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Mountain Rescue

  1. Feb 22, 2007 #1

    Janus

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    Just recently there was another rescue attempt of climbers trapped on Mt Hood, here in OR. The story ended well, due in a great part to the fact that the climbers were carrrying mountain locator units (MLUs), which meant the rescue teams knew just where they were on the mountain.

    This has triggered new debate on the use of MLUs, to the point where one of our state legislators has drafted legislation to make it mandatory to carry a MLU if one climbed above a certain elevation on Mt Hood.

    Now the thing that gets me is that some mountain climbers are arguing against the law, claiming that the requirement would take away from the experience of climbing the mountain.

    Now the purpose of the MLU is aide the rescue teams in finding you if you get in trouble (They won't keep you from getting in trouble). So the only experience that would be lessened is the element of risk of dying on the mountain if something did go wrong.

    So the question is, do these mountain climbers wish to be rescued off the mountain or not? If so, why do they think they have the right to dictate the terms of the rescue. Isn't this a bit like saying that you want to be rescued by the Coast Guard if something happens to you at sea, but you don't want them to be able to use helicopters to do so?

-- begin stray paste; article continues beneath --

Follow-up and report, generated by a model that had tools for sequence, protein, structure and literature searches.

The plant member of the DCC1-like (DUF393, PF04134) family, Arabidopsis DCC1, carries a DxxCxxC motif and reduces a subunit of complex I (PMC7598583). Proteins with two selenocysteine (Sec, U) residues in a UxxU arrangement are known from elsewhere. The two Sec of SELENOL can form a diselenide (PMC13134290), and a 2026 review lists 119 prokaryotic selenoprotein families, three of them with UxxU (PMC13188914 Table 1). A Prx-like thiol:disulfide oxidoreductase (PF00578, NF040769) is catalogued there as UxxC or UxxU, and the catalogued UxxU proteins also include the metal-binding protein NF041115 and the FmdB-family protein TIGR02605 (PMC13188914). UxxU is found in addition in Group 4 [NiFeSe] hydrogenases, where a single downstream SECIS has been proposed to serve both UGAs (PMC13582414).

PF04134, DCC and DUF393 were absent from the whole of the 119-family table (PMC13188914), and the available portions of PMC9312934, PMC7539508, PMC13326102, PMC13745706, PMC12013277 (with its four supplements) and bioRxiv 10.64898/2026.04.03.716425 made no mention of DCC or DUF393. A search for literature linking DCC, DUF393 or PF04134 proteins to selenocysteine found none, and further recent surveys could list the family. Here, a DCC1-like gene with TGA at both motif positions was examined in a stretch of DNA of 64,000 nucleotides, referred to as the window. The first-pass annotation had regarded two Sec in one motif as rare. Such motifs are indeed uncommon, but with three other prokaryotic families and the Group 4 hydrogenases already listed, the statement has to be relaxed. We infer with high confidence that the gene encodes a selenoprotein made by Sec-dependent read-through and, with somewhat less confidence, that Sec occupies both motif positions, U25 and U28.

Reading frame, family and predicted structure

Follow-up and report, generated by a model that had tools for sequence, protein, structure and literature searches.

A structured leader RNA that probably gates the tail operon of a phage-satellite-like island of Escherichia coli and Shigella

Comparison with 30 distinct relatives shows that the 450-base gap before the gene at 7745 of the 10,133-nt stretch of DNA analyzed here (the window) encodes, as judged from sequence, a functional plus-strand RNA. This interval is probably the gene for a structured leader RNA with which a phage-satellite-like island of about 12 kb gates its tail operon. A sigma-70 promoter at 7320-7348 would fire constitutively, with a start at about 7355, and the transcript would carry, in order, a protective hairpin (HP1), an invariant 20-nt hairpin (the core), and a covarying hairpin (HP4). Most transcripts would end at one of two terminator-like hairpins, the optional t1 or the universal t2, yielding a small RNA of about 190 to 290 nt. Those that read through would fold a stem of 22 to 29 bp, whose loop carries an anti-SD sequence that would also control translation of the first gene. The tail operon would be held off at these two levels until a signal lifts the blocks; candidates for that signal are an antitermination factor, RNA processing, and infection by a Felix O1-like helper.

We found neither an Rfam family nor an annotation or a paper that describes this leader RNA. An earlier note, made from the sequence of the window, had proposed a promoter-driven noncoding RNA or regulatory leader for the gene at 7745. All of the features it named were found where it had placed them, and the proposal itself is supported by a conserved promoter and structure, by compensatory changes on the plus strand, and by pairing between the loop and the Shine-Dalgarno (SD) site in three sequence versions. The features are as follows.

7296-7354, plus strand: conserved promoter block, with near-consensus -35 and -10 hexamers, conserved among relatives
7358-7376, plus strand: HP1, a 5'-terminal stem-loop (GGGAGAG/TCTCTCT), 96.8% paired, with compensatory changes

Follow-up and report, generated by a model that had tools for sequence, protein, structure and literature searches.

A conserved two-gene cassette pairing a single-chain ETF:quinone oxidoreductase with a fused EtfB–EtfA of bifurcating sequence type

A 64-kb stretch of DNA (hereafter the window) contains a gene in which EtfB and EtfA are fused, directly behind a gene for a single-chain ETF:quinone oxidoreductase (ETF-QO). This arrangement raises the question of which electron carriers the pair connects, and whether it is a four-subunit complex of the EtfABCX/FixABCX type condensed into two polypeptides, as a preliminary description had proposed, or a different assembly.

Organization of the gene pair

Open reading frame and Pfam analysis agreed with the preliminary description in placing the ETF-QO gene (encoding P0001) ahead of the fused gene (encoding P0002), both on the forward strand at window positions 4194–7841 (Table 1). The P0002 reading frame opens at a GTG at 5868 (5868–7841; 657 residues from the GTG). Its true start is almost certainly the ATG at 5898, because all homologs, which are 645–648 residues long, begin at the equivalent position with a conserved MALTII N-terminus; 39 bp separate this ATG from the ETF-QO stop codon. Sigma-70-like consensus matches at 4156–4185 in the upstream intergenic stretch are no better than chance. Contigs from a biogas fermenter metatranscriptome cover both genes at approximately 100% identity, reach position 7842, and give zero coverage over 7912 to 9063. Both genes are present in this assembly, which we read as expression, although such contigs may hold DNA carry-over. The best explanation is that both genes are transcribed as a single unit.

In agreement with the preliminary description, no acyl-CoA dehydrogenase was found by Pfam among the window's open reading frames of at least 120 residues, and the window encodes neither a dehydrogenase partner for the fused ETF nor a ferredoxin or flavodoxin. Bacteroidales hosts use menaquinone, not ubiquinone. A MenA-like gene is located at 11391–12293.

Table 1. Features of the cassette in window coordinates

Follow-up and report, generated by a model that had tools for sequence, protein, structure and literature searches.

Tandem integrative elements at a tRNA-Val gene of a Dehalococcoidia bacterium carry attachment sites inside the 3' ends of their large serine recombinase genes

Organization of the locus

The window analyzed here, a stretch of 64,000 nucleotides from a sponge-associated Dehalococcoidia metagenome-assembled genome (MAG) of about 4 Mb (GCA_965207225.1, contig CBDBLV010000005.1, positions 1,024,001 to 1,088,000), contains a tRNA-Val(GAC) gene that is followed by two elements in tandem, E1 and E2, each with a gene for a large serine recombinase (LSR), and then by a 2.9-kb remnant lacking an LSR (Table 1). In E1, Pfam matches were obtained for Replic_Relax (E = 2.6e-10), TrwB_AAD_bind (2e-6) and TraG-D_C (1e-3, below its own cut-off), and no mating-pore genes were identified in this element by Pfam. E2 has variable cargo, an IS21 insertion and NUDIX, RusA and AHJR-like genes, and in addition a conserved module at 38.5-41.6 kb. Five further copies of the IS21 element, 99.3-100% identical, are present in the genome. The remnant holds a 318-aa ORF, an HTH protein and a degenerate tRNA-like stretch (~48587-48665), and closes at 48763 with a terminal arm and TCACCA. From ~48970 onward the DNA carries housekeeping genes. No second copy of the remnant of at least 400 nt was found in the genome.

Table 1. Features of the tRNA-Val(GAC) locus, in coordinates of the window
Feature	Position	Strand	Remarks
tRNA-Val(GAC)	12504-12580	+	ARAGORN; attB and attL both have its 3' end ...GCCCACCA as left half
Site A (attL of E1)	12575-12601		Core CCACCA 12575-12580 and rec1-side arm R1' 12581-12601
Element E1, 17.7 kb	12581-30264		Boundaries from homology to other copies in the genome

If not, then they should make this known before they attempt the ascent, in order to save the rescue teams the time and effort of trying to save someone who doesn't want their help.

    After all the MLUs simply make the job easier for the rescuers. It reduces the time, effort and risk by cutting out much of the search part of the rescue. Why should they risk their lives for someone who couldn't go to the trouble of meeting them at least part way to the extent of renting a MLU for $5?

    So here's my compromise. Change the law to make the use of MLUs voluntary, with the stipulation that failure to use one automatically becomes the equivalent of signing a "Do Not Rescue" order. Meaning that if you do not come back down off the mountain on your own, no attempt at rescue will be made.

    That way, those who wish it can enjoy the "full experience" of mountain climbing, and the rescue teams can focus all their efforts on those who actually want their services.
     
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  3. Feb 22, 2007 #2

    arildno

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    They probably don't want to drag a lot of gadgets with them.
    Essentially, they are seeking a free-space from technology, even an electrical toothpicker would seem unbearable to them to carry along.